Legendary race caller Ron Hawkswell was awarded the 2017 Ken Carr Medal at tonight’s 2016/17 Victorian Greyhound Awards at the Sandown Greyhound Racing Club.
Named in honour of the late Kenneth Russell Carr, a leading Victorian greyhound racing administrator and GRV Hall of Fame inductee, the Ken Carr Medal is considered the highest award for excellence within the Victorian greyhound racing industry.
RSN’s Hawkswell has been calling greyhound races for more than 40 years, and his voice resonates with Victorian greyhound racing perhaps more than anyone else in history. He served considerable years on the Victorian Greyhound of the Year Panel, and his tips have long appeared in form guides in the Herald Sun newspaper.
A shocked Ron Hawkswell said: “To go to work and love what you do and be paid for doing is an absolute privilege.”
“Ken Carr was a great administrator, and I really want to donate this medal to my parents, who supported me so much in my ambition to be a race caller.”
Ron’s brother Allan Hawkswell said Ron was 13 when he got “the bug” for calling races.
“Our dad worked with horses on a cattle ranch at Springsure in Queensland and our relatives were all interested in horse racing, so the natural progression was an introduction to the racetrack,” Allan said.
At 17, Ron wondered if there was a location behind Moonee Valley where he could hone his skills on horse racing. After sussing out the surrounds of Valley, a fantastic vantage point was discovered.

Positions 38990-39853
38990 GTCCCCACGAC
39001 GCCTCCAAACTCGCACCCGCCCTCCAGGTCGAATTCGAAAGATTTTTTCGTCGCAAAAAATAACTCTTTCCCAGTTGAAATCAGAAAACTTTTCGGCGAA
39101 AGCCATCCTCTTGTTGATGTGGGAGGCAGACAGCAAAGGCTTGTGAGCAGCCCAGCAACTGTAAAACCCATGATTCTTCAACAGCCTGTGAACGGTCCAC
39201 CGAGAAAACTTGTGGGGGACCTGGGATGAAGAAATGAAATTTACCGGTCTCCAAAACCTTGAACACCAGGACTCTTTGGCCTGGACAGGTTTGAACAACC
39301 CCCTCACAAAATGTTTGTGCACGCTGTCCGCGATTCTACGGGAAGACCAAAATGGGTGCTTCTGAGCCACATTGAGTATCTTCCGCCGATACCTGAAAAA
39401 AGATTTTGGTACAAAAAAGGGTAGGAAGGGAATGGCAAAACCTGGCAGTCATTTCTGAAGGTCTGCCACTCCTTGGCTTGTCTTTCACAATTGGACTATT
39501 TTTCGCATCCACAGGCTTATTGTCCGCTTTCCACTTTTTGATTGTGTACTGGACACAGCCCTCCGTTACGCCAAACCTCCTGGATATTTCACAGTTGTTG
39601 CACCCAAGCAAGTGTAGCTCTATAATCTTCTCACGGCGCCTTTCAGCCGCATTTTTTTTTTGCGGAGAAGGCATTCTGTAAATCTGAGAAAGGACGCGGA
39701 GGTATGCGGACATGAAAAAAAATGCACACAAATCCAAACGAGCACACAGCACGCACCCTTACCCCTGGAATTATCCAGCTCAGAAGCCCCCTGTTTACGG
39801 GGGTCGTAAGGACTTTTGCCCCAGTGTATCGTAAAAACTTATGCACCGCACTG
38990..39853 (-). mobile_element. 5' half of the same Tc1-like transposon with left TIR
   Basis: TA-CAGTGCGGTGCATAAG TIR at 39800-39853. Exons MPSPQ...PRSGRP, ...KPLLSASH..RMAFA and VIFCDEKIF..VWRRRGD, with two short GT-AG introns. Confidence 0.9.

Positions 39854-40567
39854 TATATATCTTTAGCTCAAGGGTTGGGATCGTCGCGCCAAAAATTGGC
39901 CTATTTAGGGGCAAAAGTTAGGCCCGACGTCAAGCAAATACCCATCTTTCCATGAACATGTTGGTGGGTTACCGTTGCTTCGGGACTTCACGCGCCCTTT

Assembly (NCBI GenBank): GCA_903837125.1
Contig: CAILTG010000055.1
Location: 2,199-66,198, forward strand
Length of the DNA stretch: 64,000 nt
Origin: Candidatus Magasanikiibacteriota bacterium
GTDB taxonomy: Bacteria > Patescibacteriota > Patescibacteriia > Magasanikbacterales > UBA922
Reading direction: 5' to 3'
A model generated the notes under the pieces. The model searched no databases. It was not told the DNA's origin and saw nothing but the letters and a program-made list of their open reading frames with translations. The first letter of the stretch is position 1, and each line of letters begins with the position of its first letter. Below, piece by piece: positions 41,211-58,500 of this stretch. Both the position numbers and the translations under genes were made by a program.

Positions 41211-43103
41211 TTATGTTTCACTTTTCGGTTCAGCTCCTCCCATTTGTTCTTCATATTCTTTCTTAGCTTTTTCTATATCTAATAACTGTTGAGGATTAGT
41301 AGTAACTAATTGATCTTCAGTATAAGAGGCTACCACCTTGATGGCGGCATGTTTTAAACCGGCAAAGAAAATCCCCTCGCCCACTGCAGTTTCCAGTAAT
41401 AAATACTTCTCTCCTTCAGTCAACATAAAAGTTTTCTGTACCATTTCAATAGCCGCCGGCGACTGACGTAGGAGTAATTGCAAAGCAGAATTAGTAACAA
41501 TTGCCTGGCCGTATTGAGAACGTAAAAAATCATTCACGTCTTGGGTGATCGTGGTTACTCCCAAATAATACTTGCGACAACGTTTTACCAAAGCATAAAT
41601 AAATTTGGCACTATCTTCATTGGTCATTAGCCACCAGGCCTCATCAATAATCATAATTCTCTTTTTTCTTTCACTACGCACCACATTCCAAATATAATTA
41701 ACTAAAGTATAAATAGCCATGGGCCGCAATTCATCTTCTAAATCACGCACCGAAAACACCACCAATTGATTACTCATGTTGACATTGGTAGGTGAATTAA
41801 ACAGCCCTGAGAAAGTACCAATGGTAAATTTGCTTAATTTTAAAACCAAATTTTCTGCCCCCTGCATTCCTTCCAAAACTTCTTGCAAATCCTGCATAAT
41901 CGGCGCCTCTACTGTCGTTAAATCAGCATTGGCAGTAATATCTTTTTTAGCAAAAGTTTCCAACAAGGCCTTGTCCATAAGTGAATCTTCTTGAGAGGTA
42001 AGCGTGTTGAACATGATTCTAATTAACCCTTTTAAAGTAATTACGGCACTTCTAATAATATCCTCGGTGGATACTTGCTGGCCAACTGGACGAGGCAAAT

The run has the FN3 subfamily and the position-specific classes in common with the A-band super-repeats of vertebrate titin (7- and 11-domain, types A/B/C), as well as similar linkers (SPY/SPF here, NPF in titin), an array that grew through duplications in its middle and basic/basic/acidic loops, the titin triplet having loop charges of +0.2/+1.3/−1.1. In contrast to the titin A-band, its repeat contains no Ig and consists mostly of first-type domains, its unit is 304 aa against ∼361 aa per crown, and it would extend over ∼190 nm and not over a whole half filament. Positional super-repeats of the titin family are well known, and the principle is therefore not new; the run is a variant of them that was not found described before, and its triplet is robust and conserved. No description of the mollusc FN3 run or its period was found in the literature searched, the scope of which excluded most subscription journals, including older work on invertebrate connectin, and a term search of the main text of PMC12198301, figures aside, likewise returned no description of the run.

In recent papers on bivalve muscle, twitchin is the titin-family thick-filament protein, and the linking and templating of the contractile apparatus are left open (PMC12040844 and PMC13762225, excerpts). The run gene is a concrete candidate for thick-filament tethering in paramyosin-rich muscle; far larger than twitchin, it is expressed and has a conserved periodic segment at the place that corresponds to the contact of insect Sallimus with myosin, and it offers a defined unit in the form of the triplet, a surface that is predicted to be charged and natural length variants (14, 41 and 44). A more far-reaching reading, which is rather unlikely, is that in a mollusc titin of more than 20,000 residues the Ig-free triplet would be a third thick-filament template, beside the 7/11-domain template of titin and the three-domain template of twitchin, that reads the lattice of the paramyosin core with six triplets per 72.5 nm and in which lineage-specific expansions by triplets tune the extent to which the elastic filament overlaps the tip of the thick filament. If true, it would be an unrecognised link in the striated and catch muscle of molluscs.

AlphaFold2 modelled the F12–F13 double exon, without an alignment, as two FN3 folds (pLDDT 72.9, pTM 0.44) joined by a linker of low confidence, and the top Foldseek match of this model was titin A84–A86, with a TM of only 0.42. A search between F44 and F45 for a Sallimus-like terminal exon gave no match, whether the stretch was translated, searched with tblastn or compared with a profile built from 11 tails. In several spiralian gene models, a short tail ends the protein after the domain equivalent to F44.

“Ron and I would go to Moonee Valley in his 4-on-the-floor XY Falcon, plus plenty of food and drinks and a cumbersome open reel recorder, and Ron posted himself at the western end of Hunter Street (now a children’s playground),” Allan recalled.
“After each race, Ron would do at least a half a dozen replays of his call, highlighting the mistakes and occasionally berating himself – usually saying ‘I can do better than that.’ Oh yeah, because the huge recorder was plugged into the car’s cigarette lighter socket and used stacks of power, at half time the car had to be started and left running for a while to recharge the battery. That routine lasted a few years.”
Ron then took a job as a clerk at the tramways, however, after getting his driver’s licence, the desire to be a good race caller was overwhelming and every Thursday night he drove from his workplace in the city to Shepparton to call Race 9, taking over from good friend, Ian (Sambo) Samblebe. That gave Ron essential on-air experience whilst working with 3UZ and 3SR, thus furthering his passion and desire to succeed.
He then gained a calling spot at Wangaratta, driving from Preston to the north-east venue (at a financial loss) for a couple of years. When the Cranbourne Greyhound Racing Club opened in August 1974, Ron applied for the caller’s job and after fighting off some tough opposition, he secured the position. He is now a Life Member of the Cranbourne GRC.
“Greyhound racing has been a marvellous venture for Ron, who looked up to the late Bill Collins as a mentor. And while he has called many top sprinters, he always refers to four-time Sandown Cup winner Bold Trease as the best stayer he’s seen,” Allan said.